Antibody orientation at bacterial surfaces is related to invasive infection.

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Antibody orientation at bacterial surfaces is related to invasive infection. / Nordenfelt, Pontus; Waldemarson, Sofia; Linder, Adam; Mörgelin, Matthias; Karlsson, Christofer; Malmström, Johan; Björck, Lars.

In: Journal of Experimental Medicine, Vol. 209, No. 13, 2012, p. 2367-2381.

Research output: Contribution to journalArticle

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TY - JOUR

T1 - Antibody orientation at bacterial surfaces is related to invasive infection.

AU - Nordenfelt, Pontus

AU - Waldemarson, Sofia

AU - Linder, Adam

AU - Mörgelin, Matthias

AU - Karlsson, Christofer

AU - Malmström, Johan

AU - Björck, Lars

PY - 2012

Y1 - 2012

N2 - Several of the most significant bacterial pathogens in humans, including Streptococcus pyogenes, express surface proteins that bind IgG antibodies via their fragment crystallizable (Fc) region, and the dogma is that this protects the bacteria against phagocytic killing in blood. However, analysis of samples from a patient with invasive S. pyogenes infection revealed dramatic differences in the presence and orientation of IgG antibodies at the surface of bacteria from different sites. In the throat, IgG was mostly bound to the bacterial surface via Fc, whereas in the blood IgG was mostly bound via fragment antigen-binding (Fab). In infected and necrotic tissue, the Fc-binding proteins were removed from the bacterial surface. Further investigation showed that efficient bacterial IgGFc-binding occurs only in IgG-poor environments, such as saliva. As a consequence, the bacteria are protected against phagocytic killing, whereas in blood plasma where the concentration of IgG is high, the antibodies preferentially bind via Fab, facilitating opsonization and bacterial killing. IgG-poor environments represent the natural habitat for IgGFc-binding bacteria, and IgGFc-binding proteins may have evolved to execute their function in such environments. The lack of protection in plasma also helps to explain why cases of severe invasive infections with IgGFc-binding bacteria are so rare compared with superficial and uncomplicated infections.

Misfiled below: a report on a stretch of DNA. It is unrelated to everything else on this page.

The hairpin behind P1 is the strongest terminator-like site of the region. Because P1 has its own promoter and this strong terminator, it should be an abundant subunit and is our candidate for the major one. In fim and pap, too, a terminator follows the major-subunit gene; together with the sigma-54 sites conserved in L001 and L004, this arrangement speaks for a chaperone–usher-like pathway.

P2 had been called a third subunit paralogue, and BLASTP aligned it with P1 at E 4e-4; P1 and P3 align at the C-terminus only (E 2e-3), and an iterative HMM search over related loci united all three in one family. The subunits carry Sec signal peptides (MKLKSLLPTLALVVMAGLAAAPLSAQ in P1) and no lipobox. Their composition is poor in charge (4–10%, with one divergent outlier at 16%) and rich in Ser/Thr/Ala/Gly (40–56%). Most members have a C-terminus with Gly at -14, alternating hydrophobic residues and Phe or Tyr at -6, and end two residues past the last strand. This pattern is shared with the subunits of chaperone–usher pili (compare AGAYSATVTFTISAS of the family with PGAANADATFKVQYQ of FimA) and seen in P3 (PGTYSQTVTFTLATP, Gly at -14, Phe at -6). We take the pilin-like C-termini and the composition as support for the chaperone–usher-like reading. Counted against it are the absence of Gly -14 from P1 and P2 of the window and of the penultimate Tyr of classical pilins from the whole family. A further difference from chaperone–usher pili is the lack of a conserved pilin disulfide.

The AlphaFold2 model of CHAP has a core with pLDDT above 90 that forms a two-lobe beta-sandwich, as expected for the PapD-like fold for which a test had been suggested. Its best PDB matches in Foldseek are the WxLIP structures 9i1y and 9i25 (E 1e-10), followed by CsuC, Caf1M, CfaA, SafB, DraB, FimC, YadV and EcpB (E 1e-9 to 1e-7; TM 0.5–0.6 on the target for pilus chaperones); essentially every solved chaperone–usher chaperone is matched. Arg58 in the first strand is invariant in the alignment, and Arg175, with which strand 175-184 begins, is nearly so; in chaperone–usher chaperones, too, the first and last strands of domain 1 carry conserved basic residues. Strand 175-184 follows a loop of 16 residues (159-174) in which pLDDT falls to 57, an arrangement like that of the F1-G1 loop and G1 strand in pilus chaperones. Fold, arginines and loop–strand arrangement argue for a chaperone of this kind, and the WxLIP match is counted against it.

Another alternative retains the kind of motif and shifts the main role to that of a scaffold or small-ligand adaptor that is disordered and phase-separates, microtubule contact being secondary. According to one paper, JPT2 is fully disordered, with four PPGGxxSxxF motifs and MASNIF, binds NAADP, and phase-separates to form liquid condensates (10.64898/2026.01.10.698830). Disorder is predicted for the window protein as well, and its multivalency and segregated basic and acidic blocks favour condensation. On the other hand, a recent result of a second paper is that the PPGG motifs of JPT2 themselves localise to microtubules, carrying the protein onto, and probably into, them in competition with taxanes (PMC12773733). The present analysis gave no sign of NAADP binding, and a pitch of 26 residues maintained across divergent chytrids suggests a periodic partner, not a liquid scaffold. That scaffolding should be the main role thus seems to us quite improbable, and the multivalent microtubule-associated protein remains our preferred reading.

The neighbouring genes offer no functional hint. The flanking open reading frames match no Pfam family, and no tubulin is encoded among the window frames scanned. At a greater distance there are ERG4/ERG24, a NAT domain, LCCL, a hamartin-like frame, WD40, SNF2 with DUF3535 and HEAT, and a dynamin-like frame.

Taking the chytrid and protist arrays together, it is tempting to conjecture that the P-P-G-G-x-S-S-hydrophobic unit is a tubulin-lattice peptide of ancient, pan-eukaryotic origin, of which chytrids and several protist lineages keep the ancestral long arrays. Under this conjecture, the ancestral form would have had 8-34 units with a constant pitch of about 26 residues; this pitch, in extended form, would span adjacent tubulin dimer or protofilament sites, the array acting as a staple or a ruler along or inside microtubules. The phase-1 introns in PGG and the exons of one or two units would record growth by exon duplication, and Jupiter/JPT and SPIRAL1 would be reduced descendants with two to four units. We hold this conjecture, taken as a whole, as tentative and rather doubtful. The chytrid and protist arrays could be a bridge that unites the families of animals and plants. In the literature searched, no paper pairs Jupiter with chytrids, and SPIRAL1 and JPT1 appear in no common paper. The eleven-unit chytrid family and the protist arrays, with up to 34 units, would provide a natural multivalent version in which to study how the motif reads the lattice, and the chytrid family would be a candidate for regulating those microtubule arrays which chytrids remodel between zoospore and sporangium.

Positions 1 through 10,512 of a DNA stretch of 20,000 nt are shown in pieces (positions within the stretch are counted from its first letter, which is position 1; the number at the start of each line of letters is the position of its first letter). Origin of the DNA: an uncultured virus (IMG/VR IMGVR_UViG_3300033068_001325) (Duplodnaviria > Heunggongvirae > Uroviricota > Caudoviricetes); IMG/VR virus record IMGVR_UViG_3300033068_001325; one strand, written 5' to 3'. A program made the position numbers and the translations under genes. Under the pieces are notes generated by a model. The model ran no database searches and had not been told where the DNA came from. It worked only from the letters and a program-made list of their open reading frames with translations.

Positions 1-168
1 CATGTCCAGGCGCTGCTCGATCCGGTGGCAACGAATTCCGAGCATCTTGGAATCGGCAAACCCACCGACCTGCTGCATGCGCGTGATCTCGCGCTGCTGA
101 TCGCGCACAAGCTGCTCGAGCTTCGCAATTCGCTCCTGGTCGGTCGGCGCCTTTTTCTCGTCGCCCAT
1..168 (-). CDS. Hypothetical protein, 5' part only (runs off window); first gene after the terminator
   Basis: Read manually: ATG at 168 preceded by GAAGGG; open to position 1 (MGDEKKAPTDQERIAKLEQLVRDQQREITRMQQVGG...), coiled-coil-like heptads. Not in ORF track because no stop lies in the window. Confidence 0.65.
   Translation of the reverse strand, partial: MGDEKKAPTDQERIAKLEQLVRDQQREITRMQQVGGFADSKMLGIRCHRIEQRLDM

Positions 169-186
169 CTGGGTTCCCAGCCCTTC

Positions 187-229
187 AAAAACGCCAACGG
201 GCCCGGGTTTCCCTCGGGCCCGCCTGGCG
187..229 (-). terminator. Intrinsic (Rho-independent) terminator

AB - Several of the most significant bacterial pathogens in humans, including Streptococcus pyogenes, express surface proteins that bind IgG antibodies via their fragment crystallizable (Fc) region, and the dogma is that this protects the bacteria against phagocytic killing in blood. However, analysis of samples from a patient with invasive S. pyogenes infection revealed dramatic differences in the presence and orientation of IgG antibodies at the surface of bacteria from different sites. In the throat, IgG was mostly bound to the bacterial surface via Fc, whereas in the blood IgG was mostly bound via fragment antigen-binding (Fab). In infected and necrotic tissue, the Fc-binding proteins were removed from the bacterial surface. Further investigation showed that efficient bacterial IgGFc-binding occurs only in IgG-poor environments, such as saliva. As a consequence, the bacteria are protected against phagocytic killing, whereas in blood plasma where the concentration of IgG is high, the antibodies preferentially bind via Fab, facilitating opsonization and bacterial killing. IgG-poor environments represent the natural habitat for IgGFc-binding bacteria, and IgGFc-binding proteins may have evolved to execute their function in such environments. The lack of protection in plasma also helps to explain why cases of severe invasive infections with IgGFc-binding bacteria are so rare compared with superficial and uncomplicated infections.

U2 - 10.1084/jem.20120325

DO - 10.1084/jem.20120325

M3 - Article

VL - 209

SP - 2367

EP - 2381

JO - Journal of Experimental Medicine

T2 - Journal of Experimental Medicine

JF - Journal of Experimental Medicine

SN - 1540-9538

IS - 13

ER -